Sever’s disease results from the fact that in children the bones grow faster than surrounding muscles, tendons and ligaments. In the lower leg there are two bones: the tibia and the fibia. At the back of the lower leg the Achilles Tendons join the calf muscles to the heel. If the lower leg bones grow faster than the calf muscles, the Achilles Tendon is placed under stress and tightens up, leading to pain and inflammation.
In addition, in children it takes time for bones to become totally ossified (turned into bone). In this case the soft cartilage at the back of the heel bone has not yet ossified, making it a potential weak spot. The constant pulling of the Achilles tendon at the not yet ossified heel bone (or growth plate) causes a traction injury at this weak spot.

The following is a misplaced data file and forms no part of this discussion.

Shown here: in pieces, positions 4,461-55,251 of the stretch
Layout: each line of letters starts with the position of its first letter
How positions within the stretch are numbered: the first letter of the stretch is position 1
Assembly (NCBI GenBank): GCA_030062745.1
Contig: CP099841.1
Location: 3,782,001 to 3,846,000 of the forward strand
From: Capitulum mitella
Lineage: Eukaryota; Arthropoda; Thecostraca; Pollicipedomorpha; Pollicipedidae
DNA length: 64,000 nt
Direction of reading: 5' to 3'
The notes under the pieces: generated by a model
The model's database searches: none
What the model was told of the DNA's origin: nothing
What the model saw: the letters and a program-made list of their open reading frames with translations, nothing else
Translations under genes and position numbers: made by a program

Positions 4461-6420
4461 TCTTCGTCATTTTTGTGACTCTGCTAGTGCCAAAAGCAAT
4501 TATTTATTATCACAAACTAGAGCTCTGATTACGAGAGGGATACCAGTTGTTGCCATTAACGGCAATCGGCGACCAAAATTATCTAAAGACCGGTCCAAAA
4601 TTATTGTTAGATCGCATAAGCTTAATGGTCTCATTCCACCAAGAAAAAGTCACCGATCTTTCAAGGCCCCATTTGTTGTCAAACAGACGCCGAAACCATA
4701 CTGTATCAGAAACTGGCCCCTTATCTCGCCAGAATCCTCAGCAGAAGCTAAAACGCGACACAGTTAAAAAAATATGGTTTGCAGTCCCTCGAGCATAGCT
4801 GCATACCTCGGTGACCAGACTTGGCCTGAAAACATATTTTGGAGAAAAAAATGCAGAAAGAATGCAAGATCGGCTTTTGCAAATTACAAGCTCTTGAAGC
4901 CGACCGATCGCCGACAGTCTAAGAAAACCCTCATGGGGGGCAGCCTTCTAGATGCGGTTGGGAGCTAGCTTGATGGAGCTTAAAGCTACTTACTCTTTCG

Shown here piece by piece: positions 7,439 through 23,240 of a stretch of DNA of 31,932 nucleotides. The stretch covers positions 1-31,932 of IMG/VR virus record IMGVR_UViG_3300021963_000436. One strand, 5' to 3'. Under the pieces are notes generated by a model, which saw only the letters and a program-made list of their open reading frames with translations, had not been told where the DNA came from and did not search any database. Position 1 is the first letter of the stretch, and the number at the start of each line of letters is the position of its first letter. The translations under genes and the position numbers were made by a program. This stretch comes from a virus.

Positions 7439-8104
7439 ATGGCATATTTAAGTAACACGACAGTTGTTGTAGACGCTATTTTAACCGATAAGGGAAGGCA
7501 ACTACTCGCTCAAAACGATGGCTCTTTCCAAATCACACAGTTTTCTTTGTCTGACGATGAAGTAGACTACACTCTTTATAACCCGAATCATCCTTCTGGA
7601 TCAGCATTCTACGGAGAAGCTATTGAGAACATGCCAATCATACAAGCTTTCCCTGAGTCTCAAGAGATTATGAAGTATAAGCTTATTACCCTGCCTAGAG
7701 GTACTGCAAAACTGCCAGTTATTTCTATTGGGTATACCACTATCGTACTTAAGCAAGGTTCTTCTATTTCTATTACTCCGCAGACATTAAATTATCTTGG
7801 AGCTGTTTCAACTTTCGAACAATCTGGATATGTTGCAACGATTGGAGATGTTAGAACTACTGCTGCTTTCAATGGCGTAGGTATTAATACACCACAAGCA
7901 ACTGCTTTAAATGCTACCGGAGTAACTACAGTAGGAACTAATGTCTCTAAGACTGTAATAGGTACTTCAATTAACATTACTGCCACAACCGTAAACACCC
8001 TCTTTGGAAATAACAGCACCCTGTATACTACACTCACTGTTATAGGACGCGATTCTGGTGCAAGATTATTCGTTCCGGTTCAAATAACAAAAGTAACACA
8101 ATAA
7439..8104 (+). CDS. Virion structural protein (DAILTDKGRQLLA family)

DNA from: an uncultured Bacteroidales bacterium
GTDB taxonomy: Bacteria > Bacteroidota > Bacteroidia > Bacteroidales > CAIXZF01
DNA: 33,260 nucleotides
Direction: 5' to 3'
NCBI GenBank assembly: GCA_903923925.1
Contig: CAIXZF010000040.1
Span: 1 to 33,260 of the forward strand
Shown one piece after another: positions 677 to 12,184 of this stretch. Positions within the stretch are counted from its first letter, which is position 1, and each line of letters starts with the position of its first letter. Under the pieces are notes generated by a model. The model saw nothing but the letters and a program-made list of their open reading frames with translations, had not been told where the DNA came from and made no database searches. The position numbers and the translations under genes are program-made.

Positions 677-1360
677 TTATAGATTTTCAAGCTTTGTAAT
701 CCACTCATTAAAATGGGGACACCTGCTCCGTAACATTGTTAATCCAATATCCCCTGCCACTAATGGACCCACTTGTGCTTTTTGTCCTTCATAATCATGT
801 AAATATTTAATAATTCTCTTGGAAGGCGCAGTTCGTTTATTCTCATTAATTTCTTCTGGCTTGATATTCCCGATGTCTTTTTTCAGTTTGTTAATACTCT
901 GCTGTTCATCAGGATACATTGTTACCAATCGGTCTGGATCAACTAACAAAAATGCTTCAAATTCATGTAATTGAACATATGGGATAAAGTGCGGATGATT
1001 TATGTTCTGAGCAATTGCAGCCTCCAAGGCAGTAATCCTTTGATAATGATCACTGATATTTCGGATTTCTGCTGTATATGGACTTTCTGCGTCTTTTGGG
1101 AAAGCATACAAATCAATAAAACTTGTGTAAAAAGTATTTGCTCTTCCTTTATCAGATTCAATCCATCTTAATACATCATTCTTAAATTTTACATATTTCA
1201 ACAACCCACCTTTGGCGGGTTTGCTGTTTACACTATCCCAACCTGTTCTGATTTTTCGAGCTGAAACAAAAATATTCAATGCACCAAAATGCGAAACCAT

A major contributing cause to Sever’s Disease is over-pronation: rolling in of the ankle joint and flattening of the arches.
Other contributing factors include stiffness in the lower limbs and foot tendons, rapid foot growth, use of faulty (unsupportive) footwear along with repeated minor injuries to the rear of the heel. At times, bone spur overgrowth with small fractures can be noticed in this part caused due to tension as well as injury to the heel bone.
Prolonged suffering from Sever’s disease makes many children vulnerable to several other ailments like knee problems or Osgood Schaltter’s disease, hip disorders called iliac apophysitis or elbow disorders like little leaguer’s elbow. These children are unable to tolerate the strain and stress of any physical activities or exercise. The joint between the growing part of the heel and the rest of the bone becomes extremely weak and therefore prone to breakage.